Posts with «sensor» label

SENSEation Shows The Importance of Good Physical Design

Sensor network projects often focus primarily on electronic design elements, such as architecture and wireless transmission methods for sensors and gateways. Equally important, however, are physical and practical design elements such as installation, usability, and maintainability. The SENSEation project by [Mario Frei] is a sensor network intended for use indoors in a variety of buildings, and it showcases the deep importance of physical design elements in order to create hardware that is easy to install, easy to maintain, and effective. The project logs have an excellent overview of past versions and an analysis of what worked well, and where they fell short.

One example is the power supply for the sensor nodes. Past designs used wall adapters to provide constant and reliable power, but there are practical considerations around doing so. Not only do power adapters mean each sensor requires some amount of cable management, but one never really knows what one will find when installing a node somewhere in a building; a power outlet may not be nearby, or it may not have any unoccupied sockets. [Mario] found that installations could take up to 45 minutes per node as a result of these issues. The solution was to move to battery power for the sensor nodes. With careful power management, a node can operate for almost a year before needing a recharge, and removing any cable management or power adapter meant that installation time dropped to an average of only seven minutes.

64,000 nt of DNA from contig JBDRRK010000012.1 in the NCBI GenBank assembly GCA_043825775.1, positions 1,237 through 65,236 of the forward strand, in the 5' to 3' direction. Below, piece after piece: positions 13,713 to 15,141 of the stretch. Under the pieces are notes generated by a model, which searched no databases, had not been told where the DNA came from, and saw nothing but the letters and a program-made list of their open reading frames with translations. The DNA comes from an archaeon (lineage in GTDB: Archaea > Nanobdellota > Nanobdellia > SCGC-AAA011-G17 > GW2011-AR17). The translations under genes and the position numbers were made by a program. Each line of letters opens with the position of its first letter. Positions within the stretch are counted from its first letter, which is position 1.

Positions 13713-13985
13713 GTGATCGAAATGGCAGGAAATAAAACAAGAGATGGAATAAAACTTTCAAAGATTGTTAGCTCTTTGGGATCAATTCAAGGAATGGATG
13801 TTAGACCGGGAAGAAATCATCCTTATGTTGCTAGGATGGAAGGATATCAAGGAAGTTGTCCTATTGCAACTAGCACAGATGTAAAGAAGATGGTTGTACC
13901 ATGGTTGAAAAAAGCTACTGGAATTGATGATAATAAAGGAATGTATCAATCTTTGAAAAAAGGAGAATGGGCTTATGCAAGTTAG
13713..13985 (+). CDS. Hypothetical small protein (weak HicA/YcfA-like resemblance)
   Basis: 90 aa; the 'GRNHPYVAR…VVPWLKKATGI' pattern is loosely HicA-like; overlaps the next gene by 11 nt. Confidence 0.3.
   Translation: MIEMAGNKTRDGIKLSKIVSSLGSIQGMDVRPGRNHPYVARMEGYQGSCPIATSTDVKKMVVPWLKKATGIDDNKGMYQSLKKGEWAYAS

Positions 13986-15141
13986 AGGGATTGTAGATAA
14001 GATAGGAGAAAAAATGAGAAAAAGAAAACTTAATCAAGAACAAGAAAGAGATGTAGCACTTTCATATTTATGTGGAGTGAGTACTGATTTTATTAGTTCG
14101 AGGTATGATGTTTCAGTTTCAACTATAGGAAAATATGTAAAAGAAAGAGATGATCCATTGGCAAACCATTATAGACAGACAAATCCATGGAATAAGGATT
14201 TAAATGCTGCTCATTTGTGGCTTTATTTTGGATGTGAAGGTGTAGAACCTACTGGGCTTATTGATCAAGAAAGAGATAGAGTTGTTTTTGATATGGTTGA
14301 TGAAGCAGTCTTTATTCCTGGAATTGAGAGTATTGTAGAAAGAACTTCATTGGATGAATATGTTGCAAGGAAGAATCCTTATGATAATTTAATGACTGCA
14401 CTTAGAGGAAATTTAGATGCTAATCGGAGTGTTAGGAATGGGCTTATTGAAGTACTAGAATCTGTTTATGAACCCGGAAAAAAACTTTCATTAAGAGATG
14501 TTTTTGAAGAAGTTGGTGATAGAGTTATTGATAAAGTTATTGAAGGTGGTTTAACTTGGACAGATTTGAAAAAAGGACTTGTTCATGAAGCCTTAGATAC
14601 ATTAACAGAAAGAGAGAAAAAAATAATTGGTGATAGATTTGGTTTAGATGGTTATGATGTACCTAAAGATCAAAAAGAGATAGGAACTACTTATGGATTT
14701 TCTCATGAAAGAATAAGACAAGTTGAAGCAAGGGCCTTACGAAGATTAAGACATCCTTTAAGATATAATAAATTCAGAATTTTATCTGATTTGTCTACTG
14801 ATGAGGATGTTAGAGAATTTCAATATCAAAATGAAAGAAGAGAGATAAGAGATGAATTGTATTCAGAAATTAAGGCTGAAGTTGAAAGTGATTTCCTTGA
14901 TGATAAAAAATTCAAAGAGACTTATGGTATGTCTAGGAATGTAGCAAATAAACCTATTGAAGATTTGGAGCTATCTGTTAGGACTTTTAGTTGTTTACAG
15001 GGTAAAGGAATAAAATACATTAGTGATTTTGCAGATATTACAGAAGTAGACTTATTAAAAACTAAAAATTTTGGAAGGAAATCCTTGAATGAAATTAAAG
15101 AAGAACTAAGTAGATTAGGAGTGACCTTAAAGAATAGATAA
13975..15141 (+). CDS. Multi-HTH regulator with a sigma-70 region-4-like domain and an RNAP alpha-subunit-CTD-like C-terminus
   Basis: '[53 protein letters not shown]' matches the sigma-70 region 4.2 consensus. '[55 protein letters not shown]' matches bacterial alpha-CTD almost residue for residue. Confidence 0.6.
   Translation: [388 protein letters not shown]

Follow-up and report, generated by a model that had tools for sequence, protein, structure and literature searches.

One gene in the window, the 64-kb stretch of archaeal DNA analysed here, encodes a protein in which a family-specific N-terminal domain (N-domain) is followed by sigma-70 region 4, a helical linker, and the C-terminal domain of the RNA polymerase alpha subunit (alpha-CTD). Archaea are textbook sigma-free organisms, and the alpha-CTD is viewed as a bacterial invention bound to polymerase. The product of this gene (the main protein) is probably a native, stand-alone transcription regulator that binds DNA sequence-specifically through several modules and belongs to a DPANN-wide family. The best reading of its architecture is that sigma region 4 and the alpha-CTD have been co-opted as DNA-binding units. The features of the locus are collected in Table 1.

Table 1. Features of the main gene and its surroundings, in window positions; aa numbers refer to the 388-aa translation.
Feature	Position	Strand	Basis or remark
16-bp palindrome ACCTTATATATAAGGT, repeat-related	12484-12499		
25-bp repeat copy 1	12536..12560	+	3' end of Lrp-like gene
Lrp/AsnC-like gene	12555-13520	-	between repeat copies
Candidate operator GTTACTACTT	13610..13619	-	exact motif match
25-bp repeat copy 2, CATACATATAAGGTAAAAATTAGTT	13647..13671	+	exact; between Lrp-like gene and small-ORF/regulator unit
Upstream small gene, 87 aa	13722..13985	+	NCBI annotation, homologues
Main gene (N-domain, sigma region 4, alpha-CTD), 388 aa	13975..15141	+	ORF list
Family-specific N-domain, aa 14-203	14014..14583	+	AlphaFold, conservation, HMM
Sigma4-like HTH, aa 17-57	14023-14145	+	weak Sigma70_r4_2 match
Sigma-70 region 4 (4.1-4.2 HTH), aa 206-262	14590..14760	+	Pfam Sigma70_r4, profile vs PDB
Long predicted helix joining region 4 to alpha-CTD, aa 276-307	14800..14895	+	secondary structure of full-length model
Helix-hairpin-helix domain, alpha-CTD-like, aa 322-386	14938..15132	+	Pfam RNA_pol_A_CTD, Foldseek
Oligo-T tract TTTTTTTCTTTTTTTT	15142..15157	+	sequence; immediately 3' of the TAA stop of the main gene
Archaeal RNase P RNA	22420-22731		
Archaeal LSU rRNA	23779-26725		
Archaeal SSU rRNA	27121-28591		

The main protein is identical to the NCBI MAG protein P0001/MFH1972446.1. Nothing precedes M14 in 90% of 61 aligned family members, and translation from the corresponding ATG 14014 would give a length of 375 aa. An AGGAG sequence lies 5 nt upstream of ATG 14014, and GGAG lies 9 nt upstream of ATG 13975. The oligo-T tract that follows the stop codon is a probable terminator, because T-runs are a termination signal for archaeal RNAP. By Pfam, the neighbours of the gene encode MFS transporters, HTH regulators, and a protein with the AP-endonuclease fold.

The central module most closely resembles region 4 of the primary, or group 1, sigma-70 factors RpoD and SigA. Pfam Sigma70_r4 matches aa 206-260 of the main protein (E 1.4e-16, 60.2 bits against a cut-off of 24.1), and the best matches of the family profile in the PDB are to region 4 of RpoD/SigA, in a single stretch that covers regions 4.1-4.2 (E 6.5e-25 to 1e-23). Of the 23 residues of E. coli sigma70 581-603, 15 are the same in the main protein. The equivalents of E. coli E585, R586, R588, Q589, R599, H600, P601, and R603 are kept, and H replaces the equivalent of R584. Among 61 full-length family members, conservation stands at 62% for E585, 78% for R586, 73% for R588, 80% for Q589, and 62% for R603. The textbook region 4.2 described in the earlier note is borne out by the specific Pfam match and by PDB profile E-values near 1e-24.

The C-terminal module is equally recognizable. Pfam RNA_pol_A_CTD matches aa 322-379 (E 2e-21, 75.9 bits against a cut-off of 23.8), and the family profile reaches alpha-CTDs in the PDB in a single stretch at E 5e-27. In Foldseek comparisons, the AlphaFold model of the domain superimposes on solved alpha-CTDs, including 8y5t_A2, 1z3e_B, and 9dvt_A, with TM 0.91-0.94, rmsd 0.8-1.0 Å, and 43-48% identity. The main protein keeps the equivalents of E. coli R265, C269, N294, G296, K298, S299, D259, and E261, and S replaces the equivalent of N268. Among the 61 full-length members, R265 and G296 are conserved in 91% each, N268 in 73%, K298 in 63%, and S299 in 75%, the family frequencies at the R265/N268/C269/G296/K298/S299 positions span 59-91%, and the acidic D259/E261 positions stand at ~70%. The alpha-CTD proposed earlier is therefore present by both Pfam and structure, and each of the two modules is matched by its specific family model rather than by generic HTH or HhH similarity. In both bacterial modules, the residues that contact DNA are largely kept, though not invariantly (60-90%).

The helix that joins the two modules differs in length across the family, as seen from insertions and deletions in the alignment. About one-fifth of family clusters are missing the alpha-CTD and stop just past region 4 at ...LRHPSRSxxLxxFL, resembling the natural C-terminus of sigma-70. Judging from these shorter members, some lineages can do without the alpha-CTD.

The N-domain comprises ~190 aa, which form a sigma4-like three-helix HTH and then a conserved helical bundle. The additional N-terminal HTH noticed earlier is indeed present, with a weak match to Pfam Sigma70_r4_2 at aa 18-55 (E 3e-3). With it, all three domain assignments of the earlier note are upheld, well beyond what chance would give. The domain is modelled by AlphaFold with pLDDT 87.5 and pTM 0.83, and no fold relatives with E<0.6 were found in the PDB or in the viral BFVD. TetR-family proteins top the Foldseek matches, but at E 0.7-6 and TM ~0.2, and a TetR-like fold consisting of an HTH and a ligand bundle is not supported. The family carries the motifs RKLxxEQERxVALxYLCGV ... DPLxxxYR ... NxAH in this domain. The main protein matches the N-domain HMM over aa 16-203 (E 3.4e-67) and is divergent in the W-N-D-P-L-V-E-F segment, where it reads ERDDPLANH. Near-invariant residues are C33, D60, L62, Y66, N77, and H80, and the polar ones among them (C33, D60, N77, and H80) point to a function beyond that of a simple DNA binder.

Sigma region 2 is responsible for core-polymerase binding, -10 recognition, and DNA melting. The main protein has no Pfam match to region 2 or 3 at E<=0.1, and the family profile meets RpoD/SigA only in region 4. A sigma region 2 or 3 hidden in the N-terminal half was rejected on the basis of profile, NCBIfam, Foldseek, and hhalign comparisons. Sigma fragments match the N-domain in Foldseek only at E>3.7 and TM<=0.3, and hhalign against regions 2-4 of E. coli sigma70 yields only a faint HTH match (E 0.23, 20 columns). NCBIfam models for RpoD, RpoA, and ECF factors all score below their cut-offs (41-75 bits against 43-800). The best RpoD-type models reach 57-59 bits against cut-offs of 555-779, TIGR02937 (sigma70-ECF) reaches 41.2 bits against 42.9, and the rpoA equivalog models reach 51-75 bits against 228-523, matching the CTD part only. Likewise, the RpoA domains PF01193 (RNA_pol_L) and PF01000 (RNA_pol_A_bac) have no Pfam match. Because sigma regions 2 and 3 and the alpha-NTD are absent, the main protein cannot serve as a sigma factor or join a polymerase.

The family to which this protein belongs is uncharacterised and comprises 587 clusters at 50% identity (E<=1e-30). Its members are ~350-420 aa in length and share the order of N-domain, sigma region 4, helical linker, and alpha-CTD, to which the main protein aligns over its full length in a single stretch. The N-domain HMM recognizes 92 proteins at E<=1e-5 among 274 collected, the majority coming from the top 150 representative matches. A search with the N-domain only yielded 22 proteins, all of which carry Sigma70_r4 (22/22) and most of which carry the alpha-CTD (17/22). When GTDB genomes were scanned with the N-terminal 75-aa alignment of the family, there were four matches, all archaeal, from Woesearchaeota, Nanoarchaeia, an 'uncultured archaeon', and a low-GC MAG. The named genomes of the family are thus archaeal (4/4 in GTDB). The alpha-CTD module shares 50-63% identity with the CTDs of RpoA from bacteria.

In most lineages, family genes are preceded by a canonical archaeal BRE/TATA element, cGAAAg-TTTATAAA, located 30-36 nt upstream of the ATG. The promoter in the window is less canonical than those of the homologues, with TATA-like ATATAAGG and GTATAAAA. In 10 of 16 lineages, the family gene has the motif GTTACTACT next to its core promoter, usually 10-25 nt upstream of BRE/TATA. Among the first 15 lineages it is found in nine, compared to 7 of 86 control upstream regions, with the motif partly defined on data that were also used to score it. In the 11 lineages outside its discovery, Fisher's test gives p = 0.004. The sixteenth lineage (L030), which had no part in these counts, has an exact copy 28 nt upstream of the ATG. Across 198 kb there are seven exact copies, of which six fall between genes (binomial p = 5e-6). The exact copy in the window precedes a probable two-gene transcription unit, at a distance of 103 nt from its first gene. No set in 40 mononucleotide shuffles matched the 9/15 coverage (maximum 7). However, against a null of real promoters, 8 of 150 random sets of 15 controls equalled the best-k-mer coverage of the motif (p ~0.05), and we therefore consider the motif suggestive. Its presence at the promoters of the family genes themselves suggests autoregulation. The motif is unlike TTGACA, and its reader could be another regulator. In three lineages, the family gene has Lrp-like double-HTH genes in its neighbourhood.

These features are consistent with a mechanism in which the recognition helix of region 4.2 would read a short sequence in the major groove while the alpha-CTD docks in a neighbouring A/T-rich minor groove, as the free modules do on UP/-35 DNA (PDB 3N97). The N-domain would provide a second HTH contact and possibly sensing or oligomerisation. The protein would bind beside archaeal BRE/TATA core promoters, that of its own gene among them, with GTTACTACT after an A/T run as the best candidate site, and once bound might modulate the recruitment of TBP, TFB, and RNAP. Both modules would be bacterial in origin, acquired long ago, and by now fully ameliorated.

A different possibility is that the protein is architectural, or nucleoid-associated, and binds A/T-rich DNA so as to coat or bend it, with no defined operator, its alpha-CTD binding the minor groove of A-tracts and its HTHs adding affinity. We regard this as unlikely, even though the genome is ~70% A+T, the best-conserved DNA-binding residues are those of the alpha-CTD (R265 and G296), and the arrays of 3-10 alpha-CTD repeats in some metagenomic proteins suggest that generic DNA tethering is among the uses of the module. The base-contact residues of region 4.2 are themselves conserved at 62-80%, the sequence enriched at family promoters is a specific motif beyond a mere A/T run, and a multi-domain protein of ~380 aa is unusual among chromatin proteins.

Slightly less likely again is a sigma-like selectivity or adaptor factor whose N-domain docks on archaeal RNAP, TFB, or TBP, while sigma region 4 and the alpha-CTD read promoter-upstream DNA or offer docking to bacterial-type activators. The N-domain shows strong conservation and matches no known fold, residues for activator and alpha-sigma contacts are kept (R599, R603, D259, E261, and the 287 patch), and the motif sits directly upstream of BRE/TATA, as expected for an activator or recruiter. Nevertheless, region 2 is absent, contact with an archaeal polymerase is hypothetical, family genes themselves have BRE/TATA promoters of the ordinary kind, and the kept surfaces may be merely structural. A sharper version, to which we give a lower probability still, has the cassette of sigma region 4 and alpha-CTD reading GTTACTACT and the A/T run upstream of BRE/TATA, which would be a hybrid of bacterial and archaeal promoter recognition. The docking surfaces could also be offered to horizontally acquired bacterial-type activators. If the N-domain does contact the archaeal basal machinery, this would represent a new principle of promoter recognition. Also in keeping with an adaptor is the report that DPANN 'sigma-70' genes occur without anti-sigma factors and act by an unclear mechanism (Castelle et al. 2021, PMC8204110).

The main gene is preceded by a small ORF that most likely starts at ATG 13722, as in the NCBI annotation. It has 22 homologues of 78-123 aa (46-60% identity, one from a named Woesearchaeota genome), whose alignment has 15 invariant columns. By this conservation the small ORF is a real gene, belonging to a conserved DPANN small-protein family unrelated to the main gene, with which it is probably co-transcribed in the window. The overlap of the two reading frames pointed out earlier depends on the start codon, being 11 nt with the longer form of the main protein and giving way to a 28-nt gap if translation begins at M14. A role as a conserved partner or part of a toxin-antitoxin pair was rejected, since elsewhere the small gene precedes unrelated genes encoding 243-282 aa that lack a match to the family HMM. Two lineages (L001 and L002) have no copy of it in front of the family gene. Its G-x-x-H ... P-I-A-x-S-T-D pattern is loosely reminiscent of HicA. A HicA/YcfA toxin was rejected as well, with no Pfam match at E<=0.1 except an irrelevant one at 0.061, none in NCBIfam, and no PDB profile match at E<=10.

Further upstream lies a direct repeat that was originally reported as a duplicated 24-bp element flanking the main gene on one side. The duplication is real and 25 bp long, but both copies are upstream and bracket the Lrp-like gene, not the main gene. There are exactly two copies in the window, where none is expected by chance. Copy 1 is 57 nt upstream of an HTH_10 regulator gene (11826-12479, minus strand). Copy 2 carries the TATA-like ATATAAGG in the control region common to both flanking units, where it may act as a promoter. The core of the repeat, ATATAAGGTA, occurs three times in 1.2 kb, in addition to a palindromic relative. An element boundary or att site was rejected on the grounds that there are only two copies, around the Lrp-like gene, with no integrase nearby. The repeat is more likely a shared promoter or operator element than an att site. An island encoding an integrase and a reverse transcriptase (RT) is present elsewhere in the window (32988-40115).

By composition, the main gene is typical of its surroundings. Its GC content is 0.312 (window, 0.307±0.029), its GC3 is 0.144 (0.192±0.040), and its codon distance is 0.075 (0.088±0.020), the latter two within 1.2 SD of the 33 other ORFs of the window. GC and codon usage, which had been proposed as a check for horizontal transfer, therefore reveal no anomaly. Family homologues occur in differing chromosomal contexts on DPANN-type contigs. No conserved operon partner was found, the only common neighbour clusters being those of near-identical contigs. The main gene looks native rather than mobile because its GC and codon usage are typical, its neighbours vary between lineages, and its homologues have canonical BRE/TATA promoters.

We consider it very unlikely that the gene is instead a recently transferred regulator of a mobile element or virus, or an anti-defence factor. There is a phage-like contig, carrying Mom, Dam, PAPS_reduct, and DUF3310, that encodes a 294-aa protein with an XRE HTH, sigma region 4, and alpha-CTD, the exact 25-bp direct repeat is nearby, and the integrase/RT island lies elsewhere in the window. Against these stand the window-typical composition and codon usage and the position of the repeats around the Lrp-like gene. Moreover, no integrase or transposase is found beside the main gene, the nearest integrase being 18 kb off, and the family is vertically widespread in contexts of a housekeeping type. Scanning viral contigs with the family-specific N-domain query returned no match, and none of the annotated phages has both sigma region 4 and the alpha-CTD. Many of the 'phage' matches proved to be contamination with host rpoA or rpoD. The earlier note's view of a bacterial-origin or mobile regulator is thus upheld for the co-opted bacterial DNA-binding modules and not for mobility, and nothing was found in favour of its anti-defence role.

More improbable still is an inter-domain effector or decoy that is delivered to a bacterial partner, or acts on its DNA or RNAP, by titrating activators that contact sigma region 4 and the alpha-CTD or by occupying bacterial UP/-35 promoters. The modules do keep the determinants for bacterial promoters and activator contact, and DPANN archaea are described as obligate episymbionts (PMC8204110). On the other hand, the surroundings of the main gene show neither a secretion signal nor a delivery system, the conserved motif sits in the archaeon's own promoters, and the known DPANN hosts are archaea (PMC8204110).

That’s just one example of the practical issues discovered in the deployment of a sensor network in a real-world situation, and the positive impact of some thoughtful design changes in response. The GitHub repository for SENSEation has all the details needed to reproduce the modular design, so check it out.

Don’t Forget Your Mints When Using This Synthesizer

While synthesizers in the music world are incredibly common, they’re not all keyboard-based instruments as you might be imagining. Especially if you’re trying to get a specific feel or sound from a synthesizer in order to mimic a real instrument, there might be a better style synth that you can use. One of these types is the breath controller, a synthesizer specifically built to mimic the sound of wind instruments using the actual breath from a physical person. Available breath controllers can be pricey, though, so [Andrey] built his own.